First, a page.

2018 Real Estate Trends to Watch: ‘Surban’—That Sweet Spot Between City and Suburb

By Len Elder, Instructor, McKissock Learning and Superior School of Real Estate  – RISMedia

 

No—”surban” is not a typo. Think of it as the melding of two words to form a new one in the same manner as celebrity name fusion—think Brangelina, Bennifer or Kimye. Surban refers to a suburban area that has the feel of an urban area, with walkability to great retail and restaurants from a house or apartment, and it’s what all the real estate trend predictors are talking about.

What Is Surban?
Surban is defined as a suburban area that has the feel of urban; it is a blend of the best of urban and suburban life. Urban planners would previously have described these as “mixed-use” areas, but surban is a relatively new term that fits a bit better.

Characteristics of surban areas include:

  • Located in suburban, not urban areas
  • Anchored in areas with highly-rated schools and low crime rates
  • Dominated by a number of housing options, from single-family residences to condos to townhomes
  • Surrounded by great retail and shopping areas in walkable distance
  • Highlighted with social venues such as restaurants, bars and entertainment

There is much being written about the current trend of surban living. The Urban Land Instituteestimates that these areas will draw at least 80 percent of the coming wave of households and will attract the most families in the next 10 years. Noted real estate consultants John Burns and Chris Porter recently authored a book, “Big Shifts Ahead,” and devoted an entire chapter to the surban way of life.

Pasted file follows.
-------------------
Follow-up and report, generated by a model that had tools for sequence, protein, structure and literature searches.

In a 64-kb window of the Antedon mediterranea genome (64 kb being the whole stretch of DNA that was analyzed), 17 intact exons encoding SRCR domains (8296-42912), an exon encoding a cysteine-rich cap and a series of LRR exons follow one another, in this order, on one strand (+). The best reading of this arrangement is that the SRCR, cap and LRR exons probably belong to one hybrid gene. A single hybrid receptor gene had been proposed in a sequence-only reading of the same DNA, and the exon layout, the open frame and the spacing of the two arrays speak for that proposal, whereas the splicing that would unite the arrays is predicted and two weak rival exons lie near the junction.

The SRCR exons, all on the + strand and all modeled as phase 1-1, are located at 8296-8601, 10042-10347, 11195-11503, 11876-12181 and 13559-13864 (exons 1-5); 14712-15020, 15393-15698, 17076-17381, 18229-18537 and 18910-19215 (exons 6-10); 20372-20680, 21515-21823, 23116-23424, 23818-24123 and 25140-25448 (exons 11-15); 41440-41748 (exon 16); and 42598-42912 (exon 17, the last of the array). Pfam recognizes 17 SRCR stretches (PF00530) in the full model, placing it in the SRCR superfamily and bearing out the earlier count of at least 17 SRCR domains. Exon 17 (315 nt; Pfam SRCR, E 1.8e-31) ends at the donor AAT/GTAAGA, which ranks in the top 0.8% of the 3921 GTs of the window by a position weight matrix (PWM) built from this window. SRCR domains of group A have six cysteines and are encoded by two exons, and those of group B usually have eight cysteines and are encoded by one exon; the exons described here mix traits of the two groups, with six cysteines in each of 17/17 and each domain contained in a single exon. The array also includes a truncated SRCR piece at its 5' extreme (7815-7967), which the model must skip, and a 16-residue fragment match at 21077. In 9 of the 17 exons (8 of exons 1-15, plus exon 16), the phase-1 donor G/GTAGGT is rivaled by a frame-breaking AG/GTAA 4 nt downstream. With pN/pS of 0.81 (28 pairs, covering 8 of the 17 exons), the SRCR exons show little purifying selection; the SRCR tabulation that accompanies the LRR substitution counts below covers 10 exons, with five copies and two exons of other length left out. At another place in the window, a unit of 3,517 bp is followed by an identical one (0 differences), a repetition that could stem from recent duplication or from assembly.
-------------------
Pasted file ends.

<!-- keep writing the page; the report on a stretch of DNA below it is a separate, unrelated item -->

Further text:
The Suburban and Urban Past
From 1950-1980, the real estate profession witnessed the trend of suburbia. Homeowners were moving out of the inner city and relocating in suburban areas. They were willing to sacrifice some incredible commute times to cities and suffer other inconveniences to experience an upscale lifestyle. This was because crime rates in urban areas were high and school performances were low.

The 1990s and 2000s brought with it an age of urbanization centered around the renewal of inner cities, development of mixed-use properties in urban areas, increased attention to mass transit, and a renewed focus on downtown condos. However, the economic downturn of the last decade left little job growth in the urban areas. In addition, crime rates are still relatively high, and school rankings and commitments to education remain low.  {READ MORE}

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